Conflict issue may soon be settled in Pierre by David Lias A conflict that first arose months ago during a Vermillion City Council may soon be settled once and for all by the South Dakota Legislature.
Both the state House and Senate have approved HB 1254, which states that certain citizens may not become ineligible for public service.
The bill, which was passed Feb. 24 by the Senate 21-13, would not allow any elected or appointed officials to have a direct financial interest as an individual or an agent in any contract with the body they represent.
It�s expected that Gov. William Janklow will either sign the bill into law, or do nothing which means the legislation will automatically be added to the state�s statutes.
Once that happens, there will supposedly be no reason to question whether it is proper for Vermillion aldermen Roger Kozak, Barb Yelverton and Frank Slagle, who are employed by The University of South Dakota, to participate in discussions and vote on issues relating to joint projects with Vermillion and the university.
�This bill really is for local officials, such as school board members, city council members, and county commission officials,� said District 17 Rep. Judy Clark of Vermillion, the House sponsor of the legislation. �This bill says, in essence, if you don�t have a direct financial interest in an issue that is being considered, there is no conflict.�
Such a question arose months ago during a Vermillion City Council meeting in which aldermen were discussing joint city � USD projects.
Aldermen Richard Burbach and Leo Powell, who are both associated with Clay-Union Electric Cooperative, noted they had been informed by City Attorney Martin Weeks that they couldn�t vote on issues involving the cooperative.
They questioned why Slagle, Kozak and Yelverton could vote on matters relating to city involvement with the university without there being no conflict of interest.
Those questions led to court action. The state of South Dakota served a summons to Kozak, Slagle, and Yelverton in late 1998. All three responded by filing legal documents with Clay County States Attorney Tami Bern.
Circuit Court Judge Arthur Rusch was scheduled to make a declaratory judgement by the end of this month to settle the issue.
The new legislation, Clark said, likely will mean that Powell and Burbach won�t have to worry about conflict of interest questions whenever the council addresses an issue relating to their employer.
The bill, she said, more carefully defines conflict of interest situations on local governing boards.
�It says that unless you are going to make money directly off of the action being considered by a governing board, there is no conflict of interest,� Clark said.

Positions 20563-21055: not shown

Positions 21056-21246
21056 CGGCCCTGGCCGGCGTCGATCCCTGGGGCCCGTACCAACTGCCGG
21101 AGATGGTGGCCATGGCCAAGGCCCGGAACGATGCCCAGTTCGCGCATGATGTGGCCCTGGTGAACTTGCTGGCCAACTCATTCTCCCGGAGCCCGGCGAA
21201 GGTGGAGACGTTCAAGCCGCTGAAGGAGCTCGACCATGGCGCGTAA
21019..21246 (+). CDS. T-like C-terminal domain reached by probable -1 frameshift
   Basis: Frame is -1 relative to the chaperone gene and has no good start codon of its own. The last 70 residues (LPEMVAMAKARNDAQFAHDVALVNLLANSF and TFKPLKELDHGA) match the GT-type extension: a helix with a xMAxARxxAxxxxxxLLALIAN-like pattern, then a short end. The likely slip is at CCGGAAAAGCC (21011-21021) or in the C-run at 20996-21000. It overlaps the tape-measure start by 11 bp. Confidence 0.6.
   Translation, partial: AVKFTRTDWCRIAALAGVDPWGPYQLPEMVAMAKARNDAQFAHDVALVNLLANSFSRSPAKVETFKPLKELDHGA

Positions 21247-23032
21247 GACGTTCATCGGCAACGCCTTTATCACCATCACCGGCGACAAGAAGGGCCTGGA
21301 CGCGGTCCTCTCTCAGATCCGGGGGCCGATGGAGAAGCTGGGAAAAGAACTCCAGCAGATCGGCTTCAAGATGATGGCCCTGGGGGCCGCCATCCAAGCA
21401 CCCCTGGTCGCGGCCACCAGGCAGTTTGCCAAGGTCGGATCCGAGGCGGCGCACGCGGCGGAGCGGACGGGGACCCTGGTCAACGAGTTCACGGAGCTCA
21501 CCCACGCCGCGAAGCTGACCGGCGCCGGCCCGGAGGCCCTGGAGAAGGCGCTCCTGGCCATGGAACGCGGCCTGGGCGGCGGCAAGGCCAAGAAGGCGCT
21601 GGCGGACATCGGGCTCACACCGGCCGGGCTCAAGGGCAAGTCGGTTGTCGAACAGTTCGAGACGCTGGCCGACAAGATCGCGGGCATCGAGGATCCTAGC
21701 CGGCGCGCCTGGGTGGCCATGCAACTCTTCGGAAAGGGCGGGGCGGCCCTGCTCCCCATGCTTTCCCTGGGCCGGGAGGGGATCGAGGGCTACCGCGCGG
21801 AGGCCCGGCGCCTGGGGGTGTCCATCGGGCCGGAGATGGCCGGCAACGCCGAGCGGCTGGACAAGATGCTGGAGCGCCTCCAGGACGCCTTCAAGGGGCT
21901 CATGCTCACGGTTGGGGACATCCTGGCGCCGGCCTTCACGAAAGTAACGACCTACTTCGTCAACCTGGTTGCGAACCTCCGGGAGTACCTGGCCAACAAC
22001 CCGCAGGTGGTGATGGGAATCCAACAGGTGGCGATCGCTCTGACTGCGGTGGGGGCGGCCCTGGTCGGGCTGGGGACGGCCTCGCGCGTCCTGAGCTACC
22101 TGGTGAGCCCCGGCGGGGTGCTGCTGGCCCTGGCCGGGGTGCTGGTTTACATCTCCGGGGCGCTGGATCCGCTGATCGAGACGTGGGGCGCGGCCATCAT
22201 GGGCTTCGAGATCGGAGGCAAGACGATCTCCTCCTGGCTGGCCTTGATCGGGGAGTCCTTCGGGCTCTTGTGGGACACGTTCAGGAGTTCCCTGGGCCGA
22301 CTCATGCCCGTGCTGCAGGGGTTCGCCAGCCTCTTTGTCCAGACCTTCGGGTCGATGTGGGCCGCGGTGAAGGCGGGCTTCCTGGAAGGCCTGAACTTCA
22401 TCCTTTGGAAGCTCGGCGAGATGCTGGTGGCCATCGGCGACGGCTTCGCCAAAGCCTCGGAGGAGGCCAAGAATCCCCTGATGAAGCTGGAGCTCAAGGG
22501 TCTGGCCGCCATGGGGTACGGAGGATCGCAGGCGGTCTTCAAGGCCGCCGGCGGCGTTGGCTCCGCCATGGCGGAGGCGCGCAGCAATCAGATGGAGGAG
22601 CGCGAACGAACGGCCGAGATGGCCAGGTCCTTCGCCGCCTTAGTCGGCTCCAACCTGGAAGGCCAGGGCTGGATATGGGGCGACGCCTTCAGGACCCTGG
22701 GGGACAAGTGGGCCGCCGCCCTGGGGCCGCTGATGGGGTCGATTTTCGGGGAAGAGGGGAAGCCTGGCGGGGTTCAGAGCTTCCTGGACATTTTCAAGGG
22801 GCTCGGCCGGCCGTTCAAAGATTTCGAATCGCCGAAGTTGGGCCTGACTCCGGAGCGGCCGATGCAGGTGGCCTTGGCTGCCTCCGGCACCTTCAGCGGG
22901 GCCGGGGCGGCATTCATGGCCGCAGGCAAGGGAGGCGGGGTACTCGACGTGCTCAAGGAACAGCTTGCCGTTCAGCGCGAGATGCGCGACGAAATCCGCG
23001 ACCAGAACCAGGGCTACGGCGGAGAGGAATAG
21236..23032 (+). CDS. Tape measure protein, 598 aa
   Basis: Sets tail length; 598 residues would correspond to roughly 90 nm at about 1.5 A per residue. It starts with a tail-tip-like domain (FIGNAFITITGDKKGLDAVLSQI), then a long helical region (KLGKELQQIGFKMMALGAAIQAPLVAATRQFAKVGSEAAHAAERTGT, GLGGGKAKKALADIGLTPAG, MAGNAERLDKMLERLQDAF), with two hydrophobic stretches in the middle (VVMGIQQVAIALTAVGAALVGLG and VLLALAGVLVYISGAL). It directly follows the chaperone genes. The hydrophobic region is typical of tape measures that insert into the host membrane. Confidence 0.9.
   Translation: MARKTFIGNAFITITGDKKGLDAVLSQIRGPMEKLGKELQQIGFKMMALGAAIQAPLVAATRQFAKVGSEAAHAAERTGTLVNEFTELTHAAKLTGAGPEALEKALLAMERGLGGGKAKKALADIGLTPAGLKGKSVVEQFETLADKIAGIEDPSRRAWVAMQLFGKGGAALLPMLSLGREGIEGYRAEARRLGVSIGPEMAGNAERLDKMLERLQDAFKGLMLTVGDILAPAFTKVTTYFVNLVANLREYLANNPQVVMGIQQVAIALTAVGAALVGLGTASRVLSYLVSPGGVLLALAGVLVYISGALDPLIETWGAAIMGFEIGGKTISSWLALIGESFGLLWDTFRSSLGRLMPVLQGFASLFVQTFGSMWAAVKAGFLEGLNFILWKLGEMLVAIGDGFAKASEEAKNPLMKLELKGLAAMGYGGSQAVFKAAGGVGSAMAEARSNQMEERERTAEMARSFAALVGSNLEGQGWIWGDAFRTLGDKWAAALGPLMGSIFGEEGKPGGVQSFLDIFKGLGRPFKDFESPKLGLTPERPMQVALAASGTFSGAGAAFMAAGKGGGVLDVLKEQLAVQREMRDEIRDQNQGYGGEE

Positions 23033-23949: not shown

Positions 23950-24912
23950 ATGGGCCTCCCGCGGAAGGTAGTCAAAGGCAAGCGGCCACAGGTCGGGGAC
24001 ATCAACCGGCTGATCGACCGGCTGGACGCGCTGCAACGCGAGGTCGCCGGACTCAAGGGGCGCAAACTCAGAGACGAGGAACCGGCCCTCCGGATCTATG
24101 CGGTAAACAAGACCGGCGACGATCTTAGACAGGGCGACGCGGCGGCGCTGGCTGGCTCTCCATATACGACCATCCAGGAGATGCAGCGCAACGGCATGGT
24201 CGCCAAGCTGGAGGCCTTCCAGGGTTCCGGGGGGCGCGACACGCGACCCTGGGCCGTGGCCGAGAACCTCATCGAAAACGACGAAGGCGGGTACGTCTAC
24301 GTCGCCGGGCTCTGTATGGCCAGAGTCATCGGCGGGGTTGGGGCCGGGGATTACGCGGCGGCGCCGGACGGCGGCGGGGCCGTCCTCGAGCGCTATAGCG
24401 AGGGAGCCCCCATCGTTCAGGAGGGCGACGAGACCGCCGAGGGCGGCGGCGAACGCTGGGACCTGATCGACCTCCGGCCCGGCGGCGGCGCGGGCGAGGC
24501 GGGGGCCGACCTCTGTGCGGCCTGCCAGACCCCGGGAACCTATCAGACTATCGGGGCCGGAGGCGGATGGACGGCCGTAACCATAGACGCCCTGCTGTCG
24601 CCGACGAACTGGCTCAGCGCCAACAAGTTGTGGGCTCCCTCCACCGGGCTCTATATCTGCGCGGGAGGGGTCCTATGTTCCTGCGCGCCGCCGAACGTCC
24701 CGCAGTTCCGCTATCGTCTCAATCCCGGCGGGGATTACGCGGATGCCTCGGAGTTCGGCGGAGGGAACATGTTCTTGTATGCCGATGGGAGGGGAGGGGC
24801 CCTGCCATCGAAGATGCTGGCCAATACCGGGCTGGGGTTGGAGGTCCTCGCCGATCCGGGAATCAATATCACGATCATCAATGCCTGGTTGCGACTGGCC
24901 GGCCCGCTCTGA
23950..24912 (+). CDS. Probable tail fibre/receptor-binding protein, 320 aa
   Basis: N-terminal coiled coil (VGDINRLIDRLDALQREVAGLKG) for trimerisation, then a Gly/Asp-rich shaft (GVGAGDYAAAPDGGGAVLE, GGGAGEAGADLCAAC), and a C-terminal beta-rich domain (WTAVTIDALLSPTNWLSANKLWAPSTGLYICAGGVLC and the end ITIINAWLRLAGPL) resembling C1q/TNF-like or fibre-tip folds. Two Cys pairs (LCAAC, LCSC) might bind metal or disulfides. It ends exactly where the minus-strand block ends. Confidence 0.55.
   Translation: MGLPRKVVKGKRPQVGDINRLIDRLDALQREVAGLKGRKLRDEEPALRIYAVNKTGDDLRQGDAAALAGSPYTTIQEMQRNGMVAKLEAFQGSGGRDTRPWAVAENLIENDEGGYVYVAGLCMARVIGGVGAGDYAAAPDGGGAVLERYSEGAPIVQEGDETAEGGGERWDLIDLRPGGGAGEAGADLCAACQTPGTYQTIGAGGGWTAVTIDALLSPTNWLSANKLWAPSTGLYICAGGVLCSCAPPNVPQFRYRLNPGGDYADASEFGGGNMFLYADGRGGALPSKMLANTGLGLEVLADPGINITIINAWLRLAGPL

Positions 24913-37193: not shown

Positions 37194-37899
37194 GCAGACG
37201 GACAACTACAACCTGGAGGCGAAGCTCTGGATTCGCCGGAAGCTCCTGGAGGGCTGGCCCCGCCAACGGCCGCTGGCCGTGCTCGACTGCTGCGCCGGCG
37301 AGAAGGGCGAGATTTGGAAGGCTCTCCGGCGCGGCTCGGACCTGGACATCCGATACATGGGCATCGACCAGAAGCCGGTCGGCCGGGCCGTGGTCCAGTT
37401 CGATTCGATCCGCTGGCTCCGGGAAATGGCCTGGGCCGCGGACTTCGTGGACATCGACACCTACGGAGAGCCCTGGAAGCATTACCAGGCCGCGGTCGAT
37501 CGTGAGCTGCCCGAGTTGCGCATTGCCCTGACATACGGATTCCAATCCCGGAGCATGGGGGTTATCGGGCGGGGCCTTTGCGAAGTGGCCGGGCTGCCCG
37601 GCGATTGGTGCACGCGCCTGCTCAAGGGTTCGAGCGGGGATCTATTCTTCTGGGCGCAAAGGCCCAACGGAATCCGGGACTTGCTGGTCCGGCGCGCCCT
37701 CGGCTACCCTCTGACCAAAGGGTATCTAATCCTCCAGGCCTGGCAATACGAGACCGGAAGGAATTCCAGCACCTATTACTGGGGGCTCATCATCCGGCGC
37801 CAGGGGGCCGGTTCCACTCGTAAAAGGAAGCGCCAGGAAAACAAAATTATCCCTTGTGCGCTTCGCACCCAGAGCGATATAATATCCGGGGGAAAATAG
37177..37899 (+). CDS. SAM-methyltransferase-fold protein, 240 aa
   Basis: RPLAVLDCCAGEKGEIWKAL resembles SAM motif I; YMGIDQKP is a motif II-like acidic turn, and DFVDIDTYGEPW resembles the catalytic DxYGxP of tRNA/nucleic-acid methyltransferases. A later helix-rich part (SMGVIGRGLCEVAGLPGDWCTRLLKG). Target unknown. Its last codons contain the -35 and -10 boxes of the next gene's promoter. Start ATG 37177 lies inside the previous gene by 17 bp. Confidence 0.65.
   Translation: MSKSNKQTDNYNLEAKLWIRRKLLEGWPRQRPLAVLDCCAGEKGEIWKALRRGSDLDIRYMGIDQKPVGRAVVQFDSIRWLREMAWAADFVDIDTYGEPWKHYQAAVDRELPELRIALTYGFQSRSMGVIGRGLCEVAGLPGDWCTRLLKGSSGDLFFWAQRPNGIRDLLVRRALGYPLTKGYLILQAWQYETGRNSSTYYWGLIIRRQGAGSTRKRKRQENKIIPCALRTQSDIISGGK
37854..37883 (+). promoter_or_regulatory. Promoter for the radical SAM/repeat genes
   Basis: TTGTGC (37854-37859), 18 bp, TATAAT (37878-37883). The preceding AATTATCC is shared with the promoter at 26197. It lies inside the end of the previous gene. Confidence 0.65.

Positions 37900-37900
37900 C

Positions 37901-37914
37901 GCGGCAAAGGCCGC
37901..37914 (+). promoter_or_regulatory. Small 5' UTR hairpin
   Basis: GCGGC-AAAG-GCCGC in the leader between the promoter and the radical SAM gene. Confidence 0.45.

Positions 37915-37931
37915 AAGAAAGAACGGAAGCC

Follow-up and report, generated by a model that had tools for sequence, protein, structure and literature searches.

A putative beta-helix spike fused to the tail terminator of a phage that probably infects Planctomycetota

People shouldn�t be stopped from carrying out their duties on governing boards, she added, simply because they are employed by an entity that is involved with, for example, a joint project with local government, such as the city, school or county.
For example, she said, HB 1254 will provide added protection for Powell and Burbach should the city council have to deal with any more issues concerning Clay-Union Electric in the future.
The two men, she said, will be able to participate in the decision-making process in such instances.
�Before, everybody was at risk,� Clark said. �Someone has to define how remote the risk is before there is a conflict of interest.�
Clay County State�s Attorney Tami Bern said that, if signed into law, the legislation would put an end to the declaratory judgement issue.
�One of the requirements for a declaratory judgement is that there is a question of what the law is,� she said. �Once the amendment is enacted, there will be no question. It would become moot.�
Bern said that, to the best of her knowledge, there has been no indication that the governor won�t sign the bill. She added that citizens would still have other remedies if they question the actions of a governing board.
�This legislation wouldn�t preclude anyone from filing a taxpayer�s action,� she said. �If anyone was against some earlier action taken by the city council on the sale of the old golf course, for example, they could commence a taxpayer�s action seeking to void the contract.�
Bern said that after the bill becomes law, either she or the three defendants named in the declaratory judgement will need to make a motion to dismiss the court action.
�I haven�t discussed that with them (Slagle, Yelverton and Kozak) yet,� she said.
According to a spokesman for Janklow in Pierre, the legislation had yet to have reached the governor�s office on Monday for review. He noted that the governor has 15 days after the Legislature adjourns to consider signing the bill.